By Aaron Earls
A growing majority of regular churchgoers have returned to in-person worship services, but a sizable number still didn’t physically attend last month.
A Pew Research study finds 64% of Americans who typically attend church at least monthly attended a religious service in person in September 2021—up from 43% in March 2021 and 33% in July 2020.64% of Americans who typically attend church at least monthly attended a religious service in person in September 2021—up from 43% in March 2021 and 33% in July 2020, according to @pewresearch. Click To Tweet
Among Christians, evangelical Protestants are the most likely to say they attended in person in September. Almost 3 in 4 (72%) did so, up from 53% in March and 44% last July.
While the latest tracking numbers still show an average of more than 1,500 deaths from COVID-19 each day in the U.S., the numbers also reveal steep declines in cases, hospitalizations, and deaths. A February 2021 Lifeway Research study found 9 in 10 U.S. Protestant churchgoers said they would return to in-person worship service at least as often as they did prior before the pandemic when COVID-19 was no longer an active threat to people’s health.
According to Pew, most churchgoers (82%) are at least somewhat confident they can safely attend in-person services right now without spreading or catching the coronavirus, with close to half (46%) saying they are very confident. Among evangelicals, 86% express confidence they can attend safely, including 57% who say they are very confident. Those who attend a historically Black Protestant church are the least confident—a full quarter (25%) say they are not too or not all confident they can attend without spreading or catching COVID-19.Most churchgoers (82%) are at least somewhat confident they can safely attend in-person services right now without spreading or catching the coronavirus, according to @pewresearch. Click To Tweet
As more grow comfortable and attend in person, the number of churchgoers opting to watch worship services online is decline. Last July, 74% of churchgoers said they watched a religious service online, including 80% of evangelical Protestants. At that point, more were watching online than attending in person. Now, 55% of regular churchgoers watched a service online in September, including 62% of evangelicals.
Streaming services online became widespread among Protestant churches during the pandemic, according to Lifeway Research. In a previous study of Protestant pastors conducted prior to the spread of COVID-19, 41% said they didn’t regularly livestream any portion of their church service or post the sermon online later. At the time of the survey, only around 1 in 4 (27%) said they livestreamed either the entire service or just the sermon.
As the coronavirus began to spread and social distancing guidelines emerged, the vast majority of churches quickly provided digital options. By March 2020, Lifeway Research found 92% of Protestant pastors said they provided some type of video sermons or worship services online. That climbed to 97% in April 2020.
In a Lifeway Research study from early 2021, 85% of Protestant churchgoers said their congregation offered livestreamed worship services, and 76% said their church posted a video of the worship service to watch later. Additionally, 53% of churchgoers said they watched online worship services at their church more in 2020 than in 2019, while 21% said they watched more online services at a different church in 2020.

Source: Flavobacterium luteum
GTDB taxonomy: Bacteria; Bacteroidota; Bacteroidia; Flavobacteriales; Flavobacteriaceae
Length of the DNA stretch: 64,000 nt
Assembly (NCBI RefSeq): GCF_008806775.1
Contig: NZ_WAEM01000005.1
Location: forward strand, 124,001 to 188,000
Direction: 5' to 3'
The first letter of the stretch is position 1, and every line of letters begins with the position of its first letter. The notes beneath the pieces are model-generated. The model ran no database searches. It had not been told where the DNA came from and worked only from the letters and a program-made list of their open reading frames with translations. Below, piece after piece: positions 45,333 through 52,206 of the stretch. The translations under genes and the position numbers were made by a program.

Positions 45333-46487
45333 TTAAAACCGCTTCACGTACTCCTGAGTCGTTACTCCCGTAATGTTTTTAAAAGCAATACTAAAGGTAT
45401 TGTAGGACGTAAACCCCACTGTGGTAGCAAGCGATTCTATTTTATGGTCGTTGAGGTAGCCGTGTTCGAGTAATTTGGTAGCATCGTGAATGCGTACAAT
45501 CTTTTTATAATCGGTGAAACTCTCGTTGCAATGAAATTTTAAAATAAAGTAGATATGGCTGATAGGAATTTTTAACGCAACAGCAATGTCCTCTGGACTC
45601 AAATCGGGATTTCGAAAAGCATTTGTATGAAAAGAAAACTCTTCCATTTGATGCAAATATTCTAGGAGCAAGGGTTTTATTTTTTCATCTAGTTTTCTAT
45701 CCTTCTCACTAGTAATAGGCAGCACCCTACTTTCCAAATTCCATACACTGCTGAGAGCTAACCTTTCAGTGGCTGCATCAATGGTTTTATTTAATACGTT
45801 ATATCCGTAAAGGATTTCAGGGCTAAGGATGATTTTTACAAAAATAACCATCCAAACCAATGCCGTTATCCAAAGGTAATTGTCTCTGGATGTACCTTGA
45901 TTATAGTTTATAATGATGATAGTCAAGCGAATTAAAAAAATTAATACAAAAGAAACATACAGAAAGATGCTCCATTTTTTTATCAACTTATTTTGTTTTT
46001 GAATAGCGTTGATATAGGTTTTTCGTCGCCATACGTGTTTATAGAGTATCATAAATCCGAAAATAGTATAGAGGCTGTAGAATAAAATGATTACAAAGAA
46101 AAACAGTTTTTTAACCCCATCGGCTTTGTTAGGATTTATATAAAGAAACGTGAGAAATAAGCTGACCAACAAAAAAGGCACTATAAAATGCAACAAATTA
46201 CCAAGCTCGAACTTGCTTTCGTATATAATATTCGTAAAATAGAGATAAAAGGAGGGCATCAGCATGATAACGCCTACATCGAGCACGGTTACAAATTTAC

Throughout the pandemic, Lifeway Research found pastors reporting that new people who had previously not attended their church in the past attended or connected online. The latest study seems to bear that out, as 45% of Americans say they have watched a Christian church service online during the COVID-19 pandemic, including 15% who say they don’t normally physically attend.
As the pandemic has worn on, churches have not only adopted livestreaming, most churchgoers say their churches are physically open—even if there are some differences from pre-COVID-19. Last July, Pew Research found 31% of churchgoers, including 24% of evangelicals, said their church was not open at all for in-person services. Now, only 6% of churchgoers, 2% of evangelicals, say the same.
Throughout the pandemic, most churchgoers have said their church was open but with some differences brought on by COVID-19—57% in July 2020, 66% in March 2021, and 60% in September 2021. The number of churchgoers who say their church is open and holding services the same as pre-pandemic, however, has more than quadrupled since last year, from 6% in July 2020 to 29% in September.The number of churchgoers who say their church is open and holding services the same as pre-pandemic has more than quadrupled since last year, from 6% in July 2020 to 29% in September, according to @pewresearch. Click To Tweet
Evangelical churchgoers, in particular, say their church has transitioned back to pre-COVID-19 normal. In July last year, 7% say their church was open and operating the same as pre-pandemic. In September this year, around half (49%) say their church is holding services the same as they were before COVID-19.
Most churchgoers say what should be happening at their church is what is happening at their church. The percentage of churchgoers who their church should be open for services but with changes as a result of the outbreak (60%) is the same as the percentage who say their church is open in that way.
Aaron is a writer for LifewayResearch.com.